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The Mountravers Plantation Community, 1734 to 1834

Christine Eickelmann

This study chronicles the lives of all people known to have lived on Mountravers sugar plantation on the Caribbean island of Nevis, from its early beginnings until 1834 when slavery ended in most parts of the British Empire and the apprenticeship period began. It is the first known longitudinal study of an entire plantation population in which a variety of primary sources has been meshed together: plantation records, business correspondence and accounts, official 'slave inventories', parish registers and legal documents. Secondary sources have been used to underpin arguments or when there were no original records available.

More than 900 named enslaved individuals have been identified. Their existence established, researched and recorded, they have emerged from obscurity and now can take their place in history. They stand as representatives of the millions of Africans and their descendants who have laboured in the plantations of the British Caribbean.

In addition, this study explores the lives of white plantation employees and their families. Several of them owned personal slaves and, as far as possible, the lives of these people have also been investigated.

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PART I - Contexts

The island of Nevis
Geography, geology, climate
A brief outline of the early colonial history of Nevis, to 1685
Mountravers: an overview
How sugar was made

PART II - The enslaved people
In order to split up the biographies but also to convey a sense of time passing and of different people inhabiting the plantation at different times, Part II is in seven chapters. Each chapter covers a number of years. The length of time a chapter covers was determined by the availability of 'slave inventories'. Because some inventories were compiled when owners changed, some chapters relate to discrete periods of ownership of the plantation.

Each chapter begins with a brief preamble, followed by introductions of varying lengths. They outline events on Mountravers, in Nevis and the wider world and put the period covered in each chapter into context. Following on are the individual, numbered biographies. All chapters in Part II follow this structure, except for the first which covers the period from the early beginnings until 1734. In this the development of the plantation is told in relation to the successive owners who built up Mountravers. The names of over one hundred enslaved people are mentioned and whatever is known about their lives is included but for this early period too little information is available to warrant separate, numbered entries.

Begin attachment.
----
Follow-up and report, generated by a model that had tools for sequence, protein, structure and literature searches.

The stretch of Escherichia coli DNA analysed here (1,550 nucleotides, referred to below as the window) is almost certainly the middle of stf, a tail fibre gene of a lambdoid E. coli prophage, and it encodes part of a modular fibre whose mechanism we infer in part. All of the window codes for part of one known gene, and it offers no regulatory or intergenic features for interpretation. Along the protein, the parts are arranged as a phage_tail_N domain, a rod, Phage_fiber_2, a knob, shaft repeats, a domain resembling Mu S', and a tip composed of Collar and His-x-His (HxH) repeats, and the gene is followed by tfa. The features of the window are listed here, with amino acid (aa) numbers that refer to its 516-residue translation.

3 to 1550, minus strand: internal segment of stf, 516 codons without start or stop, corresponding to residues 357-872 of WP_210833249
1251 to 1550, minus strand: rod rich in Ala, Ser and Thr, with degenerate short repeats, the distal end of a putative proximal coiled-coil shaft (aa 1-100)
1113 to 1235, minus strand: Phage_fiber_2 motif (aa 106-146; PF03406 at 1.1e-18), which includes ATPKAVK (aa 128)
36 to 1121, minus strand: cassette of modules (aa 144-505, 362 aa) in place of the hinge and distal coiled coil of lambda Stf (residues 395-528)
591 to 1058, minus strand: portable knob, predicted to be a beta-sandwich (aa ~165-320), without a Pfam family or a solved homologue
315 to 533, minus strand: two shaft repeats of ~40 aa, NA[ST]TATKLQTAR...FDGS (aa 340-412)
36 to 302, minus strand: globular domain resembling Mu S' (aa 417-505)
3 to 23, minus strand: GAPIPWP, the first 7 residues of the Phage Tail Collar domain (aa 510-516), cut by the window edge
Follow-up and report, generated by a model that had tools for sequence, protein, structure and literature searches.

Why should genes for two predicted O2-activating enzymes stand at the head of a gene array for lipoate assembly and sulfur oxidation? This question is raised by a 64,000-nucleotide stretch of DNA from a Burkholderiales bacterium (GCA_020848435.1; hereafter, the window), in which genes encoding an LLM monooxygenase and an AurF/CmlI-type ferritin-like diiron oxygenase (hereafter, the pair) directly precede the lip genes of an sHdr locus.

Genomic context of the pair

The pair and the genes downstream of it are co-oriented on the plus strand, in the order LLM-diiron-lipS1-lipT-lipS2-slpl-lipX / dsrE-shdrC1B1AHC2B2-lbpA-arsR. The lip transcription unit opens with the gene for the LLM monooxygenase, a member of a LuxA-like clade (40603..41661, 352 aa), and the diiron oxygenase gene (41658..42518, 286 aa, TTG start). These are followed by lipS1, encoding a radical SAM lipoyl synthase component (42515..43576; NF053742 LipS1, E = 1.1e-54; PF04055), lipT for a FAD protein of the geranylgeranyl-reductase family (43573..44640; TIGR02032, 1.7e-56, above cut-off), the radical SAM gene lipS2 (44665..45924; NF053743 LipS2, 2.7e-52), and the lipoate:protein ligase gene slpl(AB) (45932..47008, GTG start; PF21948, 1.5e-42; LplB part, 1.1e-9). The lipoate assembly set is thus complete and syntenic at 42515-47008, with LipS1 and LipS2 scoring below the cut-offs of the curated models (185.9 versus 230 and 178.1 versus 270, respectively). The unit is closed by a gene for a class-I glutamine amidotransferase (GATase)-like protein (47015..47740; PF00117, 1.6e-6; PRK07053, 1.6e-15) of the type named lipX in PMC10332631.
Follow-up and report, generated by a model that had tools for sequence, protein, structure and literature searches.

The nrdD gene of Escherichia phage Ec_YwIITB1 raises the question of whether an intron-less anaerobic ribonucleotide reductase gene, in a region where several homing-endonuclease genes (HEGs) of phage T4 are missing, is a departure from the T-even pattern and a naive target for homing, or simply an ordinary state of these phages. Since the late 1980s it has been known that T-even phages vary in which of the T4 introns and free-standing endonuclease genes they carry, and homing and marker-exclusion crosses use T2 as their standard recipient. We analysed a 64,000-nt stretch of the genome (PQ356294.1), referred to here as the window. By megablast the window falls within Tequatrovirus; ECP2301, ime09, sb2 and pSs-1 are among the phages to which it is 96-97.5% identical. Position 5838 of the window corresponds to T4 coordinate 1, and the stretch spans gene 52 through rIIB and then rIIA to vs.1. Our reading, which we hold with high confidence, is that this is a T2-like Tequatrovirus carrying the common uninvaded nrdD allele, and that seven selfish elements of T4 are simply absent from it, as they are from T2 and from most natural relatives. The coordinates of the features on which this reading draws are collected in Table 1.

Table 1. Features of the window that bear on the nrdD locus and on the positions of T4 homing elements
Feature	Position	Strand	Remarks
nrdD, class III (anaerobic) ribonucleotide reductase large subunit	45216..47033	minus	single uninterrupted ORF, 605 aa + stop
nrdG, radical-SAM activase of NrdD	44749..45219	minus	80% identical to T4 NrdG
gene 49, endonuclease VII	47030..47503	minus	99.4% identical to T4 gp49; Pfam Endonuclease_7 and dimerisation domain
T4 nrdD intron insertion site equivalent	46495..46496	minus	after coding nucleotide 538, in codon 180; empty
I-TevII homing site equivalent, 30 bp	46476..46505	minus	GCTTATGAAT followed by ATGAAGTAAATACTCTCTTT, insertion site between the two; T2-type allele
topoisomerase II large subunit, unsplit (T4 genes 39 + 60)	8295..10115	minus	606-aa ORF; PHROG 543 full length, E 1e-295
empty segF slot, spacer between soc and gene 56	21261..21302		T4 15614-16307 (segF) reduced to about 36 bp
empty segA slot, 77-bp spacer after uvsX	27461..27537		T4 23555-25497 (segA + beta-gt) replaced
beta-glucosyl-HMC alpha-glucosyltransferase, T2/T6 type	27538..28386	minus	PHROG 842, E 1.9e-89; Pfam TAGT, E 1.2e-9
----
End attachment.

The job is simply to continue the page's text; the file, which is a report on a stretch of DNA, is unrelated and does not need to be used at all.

Chapter 1 Azariah Pinney and others: how Mountravers developed from early beginnings to 1734
Chapter 2 John Frederick Pinney: the absentee and his plantation (1734-1761)
The biographies numbered 1 to 146 start at page 115
Chapter 3 An interregnum: the William Coker years (1761-1764)
Biographies 147 to 252 start at p174
Chapter 4 John Pretor Pinney, the new owner, arrives ... and stays (1764-1783)
Biographies 253 to 501 start at p296
Chapter 5 Under absentee ownership again (1783-1794)
Biographies 502 to 566 start at p647
Chapter 6 John Pretor Pinney's son takes over (1794-1808)
Biographies 567 to 646 start at p729
Chapter 7 Mountravers under the Huggins family (1808-1834)
Biographies 647 to 749 start at p889

PART III - The employed men
A lengthy introductory chapter covers several general themes relating to overseers and managers, then follows a chapter with the biographies of the employed men who worked on Mountravers before it was sold. The majority of these are brief but for managers who served from 1734 until 1807 (in fact the Pinneys sold Mountravers to the Huggins family in 1808) the stories are more complete, and they form a separate chapter.

Chapter 1 An overview
Plantation employees
The work
Living conditions and leisure time
Wives, mistresses and children
Transience and resistance
Chapter 2 Overseers, boiling house watches and some managers, 1685-1807
Overseers and managers employed on Charlot's, Proctor's and Mountain up to 1761: Mr Stanilife, Mr Wesbury, Thomas Crosse, Thomas Copping, Christopher Wattis, Laurence Haddock, 'the white boy Croker', James Wignall, James Browne, Thomas Wenham, John Macdonald 'Le Scot', and Henry Jefford.
Overseers and boiling house watches, 1761 to 1807: William Vaughan, Thomas Arthurton, Richard Gurley, Thomas Peaden, John Hay Richens (Gingerland), James Bowrin, John Pearce, John Andrews, John Fisher (Woodland), George Frost, Joseph Batterton, Samuel Bennett, John Keepe, John Frederick Coker, Nathaniel Clifton, William Price, John Smith, William Nicholson, John Beer, Dominick Alvarez, Moses Levy, John Cheyney, George Vaughan, John Coker, William Powell, William Thomas Williams, and David Jones.
Chapter 3 Managers, 1734-1807
Father and son, James Browne and Joseph Browne (1734-1761) ..... p1047
The rector's son, William Coker (1761-1764 and 1786-1790) ..... p1058
The cousin, Joseph Gill (1783-1785) ..... p1105
The brother-in-law, Doctor Thomas Pym Weekes (1790-1794) ..... p1124
The glazier's sons, James Williams (1794-1803) and Henry Williams (1803-1805) ..... p1198
The Creole, Joseph Webbe Stanley (1805-1807) ..... p1220

Postscript: Mountravers after 1834

Appendix 1 Resources and processes
Appendix 2 Timeline
Appendix 3 Abbreviations and glossary



Please note that, except for the use of brief quotations or brief excerpts with proper attribution to the source, this study or any portion thereof may not be reproduced or used in any manner whatsoever, nor any work derived from it, without the express written permission of the author. For permission, please contact c.e.eickelmann@bristol.ac.uk.

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Maintained by Christine Eickelmann (Last updated: 2 February 2024)